Knowledge for better food systems

Expansion of ethanol in the US

There is an interesting 5 page feature on the expansion of ethanol in the US in the USDA’s April 2006 issue of Amber Waves.
  • According to the USDA, ethanol use currently accounts for 12% of maize use in the US
  • New ethanol plants are being built across the corn belt which will increase ethanol production by around 50%
There is an interesting 5 page feature on the expansion of ethanol in the US in the USDA’s April 2006 issue of Amber Waves.
  • According to the USDA, ethanol use currently accounts for 12% of maize use in the US
  • New ethanol plants are being built across the corn belt which will increase ethanol production by around 50%
  • It is predicted that this expansion of ethanol will increase maize prices and divert maize from exports, expecially to Canada (which is a major producer and can increase domestic production) and the more price-sensitive countries of Egypt, Central America and Caribbean [ie. a real example of how biofuels would be reducing global food supplies]. The article suggests that South American countries might respond by producing more maize [probably on ex-rainforest land]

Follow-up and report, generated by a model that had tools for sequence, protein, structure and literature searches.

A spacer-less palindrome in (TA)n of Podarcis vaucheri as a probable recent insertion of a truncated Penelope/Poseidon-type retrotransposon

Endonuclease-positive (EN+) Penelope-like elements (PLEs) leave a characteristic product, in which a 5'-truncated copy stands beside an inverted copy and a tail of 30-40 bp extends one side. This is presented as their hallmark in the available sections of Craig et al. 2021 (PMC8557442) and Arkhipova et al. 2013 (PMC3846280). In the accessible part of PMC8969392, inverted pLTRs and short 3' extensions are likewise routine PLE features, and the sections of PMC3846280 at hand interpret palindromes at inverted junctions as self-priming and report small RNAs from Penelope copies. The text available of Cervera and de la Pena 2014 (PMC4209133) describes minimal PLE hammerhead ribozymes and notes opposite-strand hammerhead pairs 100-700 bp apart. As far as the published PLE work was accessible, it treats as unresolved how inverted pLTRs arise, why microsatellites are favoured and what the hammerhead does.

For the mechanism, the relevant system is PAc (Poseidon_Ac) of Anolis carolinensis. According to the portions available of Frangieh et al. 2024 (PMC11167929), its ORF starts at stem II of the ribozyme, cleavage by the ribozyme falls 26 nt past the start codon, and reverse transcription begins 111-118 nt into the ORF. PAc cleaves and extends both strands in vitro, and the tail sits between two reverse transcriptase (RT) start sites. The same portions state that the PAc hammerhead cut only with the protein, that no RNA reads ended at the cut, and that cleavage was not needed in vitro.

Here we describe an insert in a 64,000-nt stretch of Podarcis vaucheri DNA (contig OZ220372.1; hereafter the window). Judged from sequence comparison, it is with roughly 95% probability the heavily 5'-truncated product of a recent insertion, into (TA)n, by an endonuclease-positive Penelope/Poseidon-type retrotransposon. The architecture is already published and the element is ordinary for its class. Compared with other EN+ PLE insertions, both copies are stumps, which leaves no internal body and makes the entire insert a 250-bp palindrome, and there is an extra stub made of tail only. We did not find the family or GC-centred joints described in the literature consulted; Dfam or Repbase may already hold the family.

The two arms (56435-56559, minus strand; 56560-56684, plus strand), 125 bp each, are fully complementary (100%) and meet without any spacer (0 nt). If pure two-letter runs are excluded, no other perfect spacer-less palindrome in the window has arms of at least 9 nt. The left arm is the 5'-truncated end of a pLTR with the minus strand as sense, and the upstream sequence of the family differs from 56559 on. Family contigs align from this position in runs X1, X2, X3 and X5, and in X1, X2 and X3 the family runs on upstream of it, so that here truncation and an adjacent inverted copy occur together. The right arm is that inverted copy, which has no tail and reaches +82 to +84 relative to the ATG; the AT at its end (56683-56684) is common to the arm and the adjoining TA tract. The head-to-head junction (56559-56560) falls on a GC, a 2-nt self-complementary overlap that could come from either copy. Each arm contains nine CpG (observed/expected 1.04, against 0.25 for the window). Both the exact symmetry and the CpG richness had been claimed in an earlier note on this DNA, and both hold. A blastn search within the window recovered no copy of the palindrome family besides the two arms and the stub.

• Maize will be the main feedstock for the near future, but in the longer-term the development of technologies to produce sugar from cellulose could mean that "cellulosic biomass" could become a significant feedstock, ie. crop residues and wood fibers. A report for the USA Government has estimated that this could displace 30% of current petrol consumption by the middle of the century. This feedstock would, however, reduce the amount of organic matter returned to the soil [promoting erosion and reducing soil carbon levels ...]
 

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